Supplementary Material

Subjects of Debt: Financial Subjectification and Collaborative Risk in Malaysian Islamic Finance

ABSTRACT This article argues the Malaysian state has developed Islamic finance in conjunction with two distinct strategies of subject formation. In its first phase, in the 1980s, a central objective was the financial inclusion of Malays. Islamic finance was part of an identity-building project and intended to integrate this disadvantaged indigenous majority into the national economy. By the 2000s the state had succeeded in fostering a Malay Muslim middle class through aggressive affirmative action policies. Currently, Islamic finance is being redeployed as a technique for the neoliberal entrepreneurialization of the Malay Muslim population. Empirically, this shift is evident in efforts by experts to move Islamic finance away from a reliance on what they call “debt-based” devices to ones referred to as “equity based.” This entails substituting devices that reformers contend replicate the credit and lending instruments characteristic of “conventional finance” with instruments instead premised on investment, partnership, and risk sharing that they argue more faithfully adhere to the discursive tradition of Islam.


1) An ATM for HSBC Amanah, the Islamic arm of the global HSBC banking giant.

2) A branch of Etiqa Insurance and Takaful, the Islamic insurance division of Maybank, Malaysia’s largest bank. The homonym “Etiqa” suggests that Islamic insurance (called takaful) is grounded in ethical principles.

3) An advertisement for Al Rajhi bank, a Saudi Arabian firm that bills itself as the world’s largest Islamic bank. The copy alludes to the notion that “sharing” is a key principle of Islamic banking. Many Islamic finance experts contend that risk-sharing and profit-and-loss sharing are constitutive features of Islamic banking. The ad is further significant because the three boys in the photograph appear to be of Malay, Chinese, and Indian descent. These are the three major ethnic groups in Malaysia. Tension between these groups has been a recurring feature of Malaysian history. The jovial scene in which the boys are sharing a cake could be read as a comment on the importance of national unity and reciprocity among citizens in contemporary Malaysia. The ad simultaneously evokes national unity and the moral principles of Islamic finance.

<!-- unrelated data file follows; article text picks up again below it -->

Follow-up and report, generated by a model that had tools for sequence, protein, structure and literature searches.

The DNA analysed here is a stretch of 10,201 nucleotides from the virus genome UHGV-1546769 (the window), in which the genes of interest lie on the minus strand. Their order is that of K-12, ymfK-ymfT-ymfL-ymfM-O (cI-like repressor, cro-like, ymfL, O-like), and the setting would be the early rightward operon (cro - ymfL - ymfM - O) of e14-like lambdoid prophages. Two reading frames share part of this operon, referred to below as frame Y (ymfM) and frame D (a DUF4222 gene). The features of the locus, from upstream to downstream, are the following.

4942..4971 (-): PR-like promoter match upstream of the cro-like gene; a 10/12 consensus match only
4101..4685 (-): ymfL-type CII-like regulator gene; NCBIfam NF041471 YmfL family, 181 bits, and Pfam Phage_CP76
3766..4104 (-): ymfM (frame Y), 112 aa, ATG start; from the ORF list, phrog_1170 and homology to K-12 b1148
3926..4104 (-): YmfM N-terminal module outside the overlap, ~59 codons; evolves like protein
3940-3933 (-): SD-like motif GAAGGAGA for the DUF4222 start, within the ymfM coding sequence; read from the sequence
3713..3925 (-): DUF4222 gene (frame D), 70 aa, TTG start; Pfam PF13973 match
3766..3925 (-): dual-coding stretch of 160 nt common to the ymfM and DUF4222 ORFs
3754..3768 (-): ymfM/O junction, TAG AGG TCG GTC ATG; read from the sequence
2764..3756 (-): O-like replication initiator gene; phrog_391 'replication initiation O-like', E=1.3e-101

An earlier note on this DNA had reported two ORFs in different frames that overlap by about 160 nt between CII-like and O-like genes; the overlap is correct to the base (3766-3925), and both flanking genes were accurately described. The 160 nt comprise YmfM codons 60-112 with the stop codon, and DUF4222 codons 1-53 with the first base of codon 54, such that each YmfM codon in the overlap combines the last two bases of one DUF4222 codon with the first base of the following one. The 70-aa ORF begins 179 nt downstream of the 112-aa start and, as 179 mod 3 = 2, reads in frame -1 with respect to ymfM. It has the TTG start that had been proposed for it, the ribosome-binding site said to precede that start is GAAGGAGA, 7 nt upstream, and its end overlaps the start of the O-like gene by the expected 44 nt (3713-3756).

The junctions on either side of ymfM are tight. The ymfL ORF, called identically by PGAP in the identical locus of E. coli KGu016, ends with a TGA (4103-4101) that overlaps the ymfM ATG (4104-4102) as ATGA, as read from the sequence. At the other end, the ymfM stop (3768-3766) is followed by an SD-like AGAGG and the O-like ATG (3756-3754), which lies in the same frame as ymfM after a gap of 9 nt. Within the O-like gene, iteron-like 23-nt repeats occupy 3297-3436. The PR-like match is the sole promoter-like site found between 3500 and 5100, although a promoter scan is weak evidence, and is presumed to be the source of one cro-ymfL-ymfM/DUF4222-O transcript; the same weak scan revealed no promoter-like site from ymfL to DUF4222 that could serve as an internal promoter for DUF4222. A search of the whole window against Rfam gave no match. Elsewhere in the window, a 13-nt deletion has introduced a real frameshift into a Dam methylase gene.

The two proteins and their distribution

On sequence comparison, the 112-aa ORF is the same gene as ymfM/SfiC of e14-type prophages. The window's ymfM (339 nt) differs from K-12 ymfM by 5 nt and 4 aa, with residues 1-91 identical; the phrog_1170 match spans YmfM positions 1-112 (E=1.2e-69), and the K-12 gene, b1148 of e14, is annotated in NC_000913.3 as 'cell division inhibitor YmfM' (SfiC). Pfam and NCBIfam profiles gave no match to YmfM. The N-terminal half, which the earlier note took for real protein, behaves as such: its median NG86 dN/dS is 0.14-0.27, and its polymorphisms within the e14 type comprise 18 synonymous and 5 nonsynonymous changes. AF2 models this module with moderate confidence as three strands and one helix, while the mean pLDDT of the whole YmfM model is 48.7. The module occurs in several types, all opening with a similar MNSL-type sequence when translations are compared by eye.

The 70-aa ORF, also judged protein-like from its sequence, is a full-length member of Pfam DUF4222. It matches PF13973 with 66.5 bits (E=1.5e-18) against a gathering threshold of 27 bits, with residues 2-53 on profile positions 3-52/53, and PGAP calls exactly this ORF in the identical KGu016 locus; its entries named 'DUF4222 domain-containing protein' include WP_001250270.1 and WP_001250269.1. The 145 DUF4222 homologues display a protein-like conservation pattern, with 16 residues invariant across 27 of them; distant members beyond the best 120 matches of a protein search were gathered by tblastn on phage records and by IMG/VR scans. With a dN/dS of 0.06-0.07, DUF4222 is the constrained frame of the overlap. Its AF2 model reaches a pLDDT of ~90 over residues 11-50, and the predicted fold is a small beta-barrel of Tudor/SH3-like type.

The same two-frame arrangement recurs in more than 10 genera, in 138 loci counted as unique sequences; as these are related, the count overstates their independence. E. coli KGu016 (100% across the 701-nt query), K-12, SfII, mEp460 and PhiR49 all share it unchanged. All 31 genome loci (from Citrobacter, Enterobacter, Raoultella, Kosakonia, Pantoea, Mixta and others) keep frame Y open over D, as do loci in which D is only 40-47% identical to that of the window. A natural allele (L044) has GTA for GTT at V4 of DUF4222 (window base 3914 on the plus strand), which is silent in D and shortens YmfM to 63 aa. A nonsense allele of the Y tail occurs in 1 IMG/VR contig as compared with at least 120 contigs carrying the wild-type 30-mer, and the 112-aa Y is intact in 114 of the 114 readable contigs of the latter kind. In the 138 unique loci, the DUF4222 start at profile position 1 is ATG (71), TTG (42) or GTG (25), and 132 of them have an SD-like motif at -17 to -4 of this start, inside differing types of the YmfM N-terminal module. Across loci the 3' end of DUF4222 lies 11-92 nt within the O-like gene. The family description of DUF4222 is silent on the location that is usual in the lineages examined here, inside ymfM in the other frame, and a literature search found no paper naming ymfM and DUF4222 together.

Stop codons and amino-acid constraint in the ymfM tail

4) The headquarters of Hong Leong Islamic Bank in central Kuala Lumpur.

5) A branch of Kuwait Finance House in the KL Sentral rapid transit station. Note that the firm intentionally avoids the use of the term “bank” in its name, choosing the distinctive phrase “finance house” instead.

6) An advertisement for Maybank Islamic in the Bangsar district of Kuala Lumpur. The copy on the left reads “4 million Malaysians have helped Maybank Islamic become the No. 1 Islamic financial institution in Malaysia.”

7) An advertisement for Maybank Islamic advertises “more channels to facilitate Hajj savings” with a picture of the Al-Haram mosque in Mecca, where the circumambulation of the kabbah takes place. The advertisement is juxtaposed with another one from Maybank’s conventional arm that features the Manchester United football club.8) An advertisement for the Maybank Islamic MasterCard. The copy announces that every week cardholders are eligible to win umrah packages. The umrah is also known as the “lesser hajj” and refers to pilgrimages to holy sites on the Arabian peninsula that take place outside the hajj season.

9) An advertisement for the Singapore-based Oversea-Chinese Banking Corporation’s Islamic Branch, called OCBC Al-Amin. The ad copy promotes rates as low as 0.71 percent per month, ambiguously referring to “rates” (kadar) instead of interest (faedah or bunga).

10) An ATM screen for Standard Chartered Saadiq, the Islamic arm of the UK-based bank.

11) The headquarters of Bank Islam in central Kuala Lumpur with a sign in front noting that the building is constructed on wakf property. A wakf is an Islamic endowment.

Note: All photographs by author.

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